Bess of Hardwick: Empire Builder

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Overview

"The best account yet available of this shrewd, enigmatic and remarkable woman."—Sunday Times [London]
From the author of The Sisters, a chronicle of the most brutal, turbulent, and exuberant period of England's history. Bess Hardwick, the fifth daughter of an impoverished Derbyshire nobleman, did not have an auspicious start in life. Widowed at sixteen, she nonetheless outlived four monarchs, married three more times, built the great house at Chatsworth, and died one of the ...

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Overview

"The best account yet available of this shrewd, enigmatic and remarkable woman."—Sunday Times [London]
From the author of The Sisters, a chronicle of the most brutal, turbulent, and exuberant period of England's history. Bess Hardwick, the fifth daughter of an impoverished Derbyshire nobleman, did not have an auspicious start in life. Widowed at sixteen, she nonetheless outlived four monarchs, married three more times, built the great house at Chatsworth, and died one of the wealthiest and most powerful women in English history.
In 1527 England was in the throes of violent political upheaval as Henry VIII severed all links with Rome. His daughter, Queen Mary, was even more capricious and bloody, only to be followed by the indomitable and ruthless Gloriana, Elizabeth I. It could not have been more hazardous a period for an ambitious woman; by the time Bess's first child was six, three of her illustrious godparents had been beheaded.
Using journals, letters, inventories, and account books, Mary S. Lovell tells the passionate, colorful story of an astonishingly accomplished woman, among whose descendants are counted the dukes of Devonshire, Rutland, and Portland, and, on the American side, Katharine Hepburn.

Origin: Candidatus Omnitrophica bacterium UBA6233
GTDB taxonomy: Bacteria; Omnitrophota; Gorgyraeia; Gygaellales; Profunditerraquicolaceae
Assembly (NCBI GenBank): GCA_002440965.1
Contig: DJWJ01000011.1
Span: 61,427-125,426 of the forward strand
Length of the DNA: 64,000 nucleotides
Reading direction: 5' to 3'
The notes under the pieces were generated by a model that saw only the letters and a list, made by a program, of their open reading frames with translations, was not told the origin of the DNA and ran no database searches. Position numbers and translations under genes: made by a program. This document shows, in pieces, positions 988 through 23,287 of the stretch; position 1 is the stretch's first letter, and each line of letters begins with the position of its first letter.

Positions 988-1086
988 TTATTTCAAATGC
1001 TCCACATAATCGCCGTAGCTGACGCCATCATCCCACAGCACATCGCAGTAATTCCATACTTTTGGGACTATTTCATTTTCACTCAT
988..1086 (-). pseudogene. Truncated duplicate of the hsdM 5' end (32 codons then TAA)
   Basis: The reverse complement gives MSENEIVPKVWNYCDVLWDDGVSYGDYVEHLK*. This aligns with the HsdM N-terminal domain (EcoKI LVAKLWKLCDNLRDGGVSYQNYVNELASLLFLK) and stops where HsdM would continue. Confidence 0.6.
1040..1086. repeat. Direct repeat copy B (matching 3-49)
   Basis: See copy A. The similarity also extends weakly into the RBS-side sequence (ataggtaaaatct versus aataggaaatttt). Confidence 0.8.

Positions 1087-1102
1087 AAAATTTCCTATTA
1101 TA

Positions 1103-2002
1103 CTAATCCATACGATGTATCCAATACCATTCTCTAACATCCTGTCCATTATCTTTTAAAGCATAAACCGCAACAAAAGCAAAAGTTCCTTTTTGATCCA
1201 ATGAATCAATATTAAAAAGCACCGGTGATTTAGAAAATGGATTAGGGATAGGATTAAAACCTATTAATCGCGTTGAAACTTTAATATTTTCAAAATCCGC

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Editorial Reviews

Sunday Times Book Review
Bess was...more than a match for Elizabeth I. And Bess's life story, though hardly typical, may better capture the bumptious energies and bold new possibilities of the Elizabethan era....Lovell evocatively describes the society in which Bess moved.— Adam Goodheart
Adam Goodheart - Sunday Times Book Review
“Bess was...more than a match for Elizabeth I. And Bess's life story, though hardly typical, may better capture the bumptious energies and bold new possibilities of the Elizabethan era....Lovell evocatively describes the society in which Bess moved.”
Adam Goodhart
An experienced biographer of formidable women (including Beryl Markham, Amelia Earhart and the Mitford sisters), Mary S. Lovell evocatively describes the society in which Bess moved.
— The New York Times
Publishers Weekly
Born into the minor nobility, Bess of Hardwick rose to become one of the wealthiest and most powerful women in England, second only to Queen Elizabeth I. Lovell (The Mitford Girls) presents Bess's life as a study in how education, connections, marriage and property management shaped the life of women in the 16th century. Bess served in noble and royal households at key points in the tumultuous years of Henry VIII and his three children, helping her fourth husband guard Mary, Queen of Scots, and raising her own granddaughter Arbella Stuart with aspirations to England's throne. Becoming a successful manager in partnership with her second husband, William Cavendish, she built up properties and incomes through the rest of her life. Lovell assumes that Bess had a charm that drew people to her, yet it's hard to sense that personality in this account. The reader is repeatedly taken away from Bess by background stories, including a variety of court matters and detailed accounts of the Scottish queen and the career of Bess's somewhat obscure third husband. Family squabbles over property and incomes and the spectacular breakdown of her marriage to the Earl of Shrewsbury dominate the latter part of the book. While all these elements give a good sense of the times, Bess herself is only beginning to emerge on her own. B&w illus. (Apr.) Copyright 2006 Reed Business Information.
Library Journal